1. Introduction
  2. Formatting Tutorial
  3. Workbook::close
  4. Workbook::&addWorksheet
  5. Workbook::&addFormat
  6. Workbook::setCountry
  7. Workbook::&setTempDir
  8. Workbook::setVersion
  9. Workbook::setCustomColor
  10. Workbook::worksheets
  11. Worksheet::getName
  12. Worksheet::
  13. Worksheet::select
  14. Worksheet::activate
  15. Worksheet::setFirstSheet
  16. Worksheet::protect
  17. Worksheet::setColumn
  18. Worksheet::writeCol
  19. Worksheet::writeRow
  20. Worksheet::setSelection
  21. Worksheet::freezePanes
  22. Worksheet::thawPanes
  23. Worksheet::
  24. Worksheet::setPortrait
  25. Worksheet::setLandscape
  26. Worksheet::setPaper
  27. Worksheet::setHeader
  28. Worksheet::setFooter
  29. Worksheet::setMerge
  30. Worksheet::
  31. Worksheet::
  32. Worksheet::setMargins
  33. Worksheet::setMargins_LR
  34. Worksheet::setMargins_TB
  35. Worksheet::setMarginLeft
  36. Worksheet::
  37. Worksheet::setMarginTop
  38. Worksheet::
  39. Worksheet::repeatRows
  40. Worksheet::repeatColumns
  41. Worksheet::printArea
  42. Worksheet::hideGridlines
  43. Worksheet::
  44. Worksheet::fitToPages
  45. Worksheet::
  46. Worksheet::
  47. Worksheet::setZoom
  48. Worksheet::setPrintScale
  49. Worksheet::write
  50. Worksheet::writeNumber
  51. Worksheet::writeString
  52. Worksheet::writeNote
  53. Worksheet::writeBlank
  54. Worksheet::writeFormula
  55. Worksheet::writeUrl
  56. Worksheet::setRow
  57. Worksheet::mergeCells
  58. Worksheet::insertBitmap
  59. Worksheet::setOutline
  60. Spreadsheet_Excel_Writer
  61. send
  62. rowcolToCell
  63. Format::setAlign
  64. Format::setVAlign
  65. Format::setHAlign
  66. Format::setMerge
  67. Format::setLocked
  68. Format::setUnLocked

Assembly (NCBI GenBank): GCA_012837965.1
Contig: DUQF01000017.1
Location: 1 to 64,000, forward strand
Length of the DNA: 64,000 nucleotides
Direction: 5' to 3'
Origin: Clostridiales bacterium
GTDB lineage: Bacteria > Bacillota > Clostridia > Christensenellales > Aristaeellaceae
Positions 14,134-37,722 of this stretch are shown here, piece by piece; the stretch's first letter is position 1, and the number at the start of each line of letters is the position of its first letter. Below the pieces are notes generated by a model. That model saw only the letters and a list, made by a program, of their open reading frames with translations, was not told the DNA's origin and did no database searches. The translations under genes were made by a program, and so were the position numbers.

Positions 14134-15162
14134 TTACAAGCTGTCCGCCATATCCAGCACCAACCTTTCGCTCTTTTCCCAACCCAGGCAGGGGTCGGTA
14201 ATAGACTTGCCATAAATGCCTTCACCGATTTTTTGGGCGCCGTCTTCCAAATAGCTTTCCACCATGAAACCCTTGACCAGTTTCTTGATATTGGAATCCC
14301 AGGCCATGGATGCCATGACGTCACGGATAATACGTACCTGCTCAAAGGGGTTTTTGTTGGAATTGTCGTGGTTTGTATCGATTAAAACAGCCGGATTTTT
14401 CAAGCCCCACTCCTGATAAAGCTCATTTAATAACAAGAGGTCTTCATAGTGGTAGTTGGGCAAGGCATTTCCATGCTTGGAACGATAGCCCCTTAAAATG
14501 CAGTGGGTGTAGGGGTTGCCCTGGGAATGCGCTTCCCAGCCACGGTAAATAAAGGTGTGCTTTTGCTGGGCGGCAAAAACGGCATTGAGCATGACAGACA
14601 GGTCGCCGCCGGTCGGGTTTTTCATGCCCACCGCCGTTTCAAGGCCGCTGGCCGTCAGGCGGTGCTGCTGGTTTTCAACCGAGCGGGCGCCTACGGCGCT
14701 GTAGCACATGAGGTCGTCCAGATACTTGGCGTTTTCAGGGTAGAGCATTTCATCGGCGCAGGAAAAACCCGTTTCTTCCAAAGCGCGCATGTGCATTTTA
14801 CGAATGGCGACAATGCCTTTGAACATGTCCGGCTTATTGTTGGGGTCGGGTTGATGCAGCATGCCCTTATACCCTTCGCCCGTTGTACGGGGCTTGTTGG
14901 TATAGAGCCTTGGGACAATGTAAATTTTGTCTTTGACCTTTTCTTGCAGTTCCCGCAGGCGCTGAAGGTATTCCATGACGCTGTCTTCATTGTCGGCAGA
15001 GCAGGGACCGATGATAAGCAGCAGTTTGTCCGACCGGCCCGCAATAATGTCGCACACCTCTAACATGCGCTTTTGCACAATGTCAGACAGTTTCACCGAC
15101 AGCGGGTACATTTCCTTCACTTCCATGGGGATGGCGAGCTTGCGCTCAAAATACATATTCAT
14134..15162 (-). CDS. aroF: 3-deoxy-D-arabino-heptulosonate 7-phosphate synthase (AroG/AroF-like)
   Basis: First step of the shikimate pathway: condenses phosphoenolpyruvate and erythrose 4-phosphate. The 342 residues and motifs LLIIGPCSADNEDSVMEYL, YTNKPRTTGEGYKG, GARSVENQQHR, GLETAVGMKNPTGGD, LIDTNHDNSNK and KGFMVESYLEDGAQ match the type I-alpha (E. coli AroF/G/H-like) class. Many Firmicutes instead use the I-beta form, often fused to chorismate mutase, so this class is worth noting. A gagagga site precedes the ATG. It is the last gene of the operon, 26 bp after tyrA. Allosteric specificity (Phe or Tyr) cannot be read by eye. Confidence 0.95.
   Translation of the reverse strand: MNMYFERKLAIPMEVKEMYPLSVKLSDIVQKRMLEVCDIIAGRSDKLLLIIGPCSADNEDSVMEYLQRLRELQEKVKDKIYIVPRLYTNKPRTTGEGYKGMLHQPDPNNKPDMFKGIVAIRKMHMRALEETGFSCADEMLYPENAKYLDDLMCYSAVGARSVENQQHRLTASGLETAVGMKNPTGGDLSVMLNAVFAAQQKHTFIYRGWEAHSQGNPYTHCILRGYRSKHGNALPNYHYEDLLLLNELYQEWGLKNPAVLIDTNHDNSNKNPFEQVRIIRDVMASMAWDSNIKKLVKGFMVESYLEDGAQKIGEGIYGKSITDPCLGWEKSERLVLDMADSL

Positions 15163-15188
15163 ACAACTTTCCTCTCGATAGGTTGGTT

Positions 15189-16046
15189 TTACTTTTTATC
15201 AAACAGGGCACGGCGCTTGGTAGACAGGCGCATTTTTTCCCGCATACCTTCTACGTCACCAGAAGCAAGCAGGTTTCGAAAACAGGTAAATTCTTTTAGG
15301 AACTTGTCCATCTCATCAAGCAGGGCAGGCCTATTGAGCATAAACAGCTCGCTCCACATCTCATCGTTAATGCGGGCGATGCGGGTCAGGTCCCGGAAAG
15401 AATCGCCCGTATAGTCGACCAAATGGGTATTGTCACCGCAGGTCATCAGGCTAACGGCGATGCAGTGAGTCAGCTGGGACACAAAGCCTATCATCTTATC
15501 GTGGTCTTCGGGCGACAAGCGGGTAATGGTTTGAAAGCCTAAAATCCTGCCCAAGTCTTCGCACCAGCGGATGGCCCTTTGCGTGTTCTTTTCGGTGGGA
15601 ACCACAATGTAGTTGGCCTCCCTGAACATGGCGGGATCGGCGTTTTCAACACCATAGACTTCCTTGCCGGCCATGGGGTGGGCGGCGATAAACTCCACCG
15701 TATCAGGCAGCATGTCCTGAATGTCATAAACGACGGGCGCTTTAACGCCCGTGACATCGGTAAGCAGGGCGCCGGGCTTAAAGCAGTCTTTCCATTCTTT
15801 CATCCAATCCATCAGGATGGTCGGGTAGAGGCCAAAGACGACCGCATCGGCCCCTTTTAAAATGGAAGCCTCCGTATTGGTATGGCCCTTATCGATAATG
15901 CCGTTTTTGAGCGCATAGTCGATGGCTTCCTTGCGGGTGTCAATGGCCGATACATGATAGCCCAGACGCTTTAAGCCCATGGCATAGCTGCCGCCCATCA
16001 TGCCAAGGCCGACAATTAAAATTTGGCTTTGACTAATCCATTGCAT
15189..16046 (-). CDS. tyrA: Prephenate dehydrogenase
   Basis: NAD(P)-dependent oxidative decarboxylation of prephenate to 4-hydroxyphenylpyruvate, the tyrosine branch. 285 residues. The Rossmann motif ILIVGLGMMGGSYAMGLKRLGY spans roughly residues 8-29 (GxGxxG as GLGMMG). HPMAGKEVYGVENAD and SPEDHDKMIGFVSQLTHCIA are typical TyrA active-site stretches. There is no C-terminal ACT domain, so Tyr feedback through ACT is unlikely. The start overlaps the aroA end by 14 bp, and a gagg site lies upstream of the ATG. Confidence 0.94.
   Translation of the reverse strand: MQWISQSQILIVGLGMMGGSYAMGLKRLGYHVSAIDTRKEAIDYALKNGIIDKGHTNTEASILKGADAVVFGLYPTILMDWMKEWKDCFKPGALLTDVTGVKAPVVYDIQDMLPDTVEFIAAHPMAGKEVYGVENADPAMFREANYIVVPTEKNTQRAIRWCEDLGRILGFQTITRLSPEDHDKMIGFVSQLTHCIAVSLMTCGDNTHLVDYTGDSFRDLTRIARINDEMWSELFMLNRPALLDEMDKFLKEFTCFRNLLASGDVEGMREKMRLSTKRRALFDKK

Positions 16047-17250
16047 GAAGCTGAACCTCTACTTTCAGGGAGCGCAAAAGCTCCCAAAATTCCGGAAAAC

69. Format::setBold
  70. Format::setBottom
  71. Format::setTop
  72. Format::setLeft
  73. Format::setRight
  74. Format::setBorder
  75. Format::setBorderColor
  76. Format::setBottomColor
  77. Format::setTopColor
  78. Format::setLeftColor
  79. Format::setRightColor
  80. Format::setFgColor
  81. Format::setBgColor
  82. Format::setColor
  83. Format::setPattern
  84. Format::setUnderline
  85. Format::setItalic
  86. Format::setSize
  87. Format::setTextWrap
  88. Format::setTextRotation
  89. Format::setNumFormat
  90. Format::setStrikeOut
  91. Format::setOutLine
  92. Format::setShadow
  93. Format::setScript
  94. Format::setFontFamily


Format::setNumFormat – Sets the numeric format.


require_once "Spreadsheet/Excel/Writer.php";

void Format::setNumFormat ( string $num_format )


Sets the numeric format. It can be date, time, currency, etc... The following table lists possible values for $num_format and the corresponding types that a numeric format expects as arguments.

Numeric formats and types
0 Decimal The amount of zeros specifies the amount of digits that will be shown
0.00 Decimal The amount of zeros after the decimal dot specifies the amount of decimal digits that will be shown
#.## Decimal The amount of sharp signs after the decimal dot specifies the maximum amount of decimal digits that will be shown
0% Percent The amount of zeros specifies the amount of digits that will be shown.
0.000% Percent The amount of zeros after the decimal dot specifies the amount of decimal digits that will be shown.
$#.#;[Red]($#.#) Currency Zeros and sharp signs have the same meaning as in other formats.
??/?? Fraction The amount of question signs in the denominator determines its precision (maximum amount of digits in the denominator).
# ??/?? Fraction A fraction with an integer part. Zeros and sharp signs are used for defining the integer part, and they have the same meaning as in other formats.
0.00E+# Scientific In scientific notation base and exponent are formated according to the same rules applied to decimals. For scientific notation zeros and sharp signs appear to be equivalent.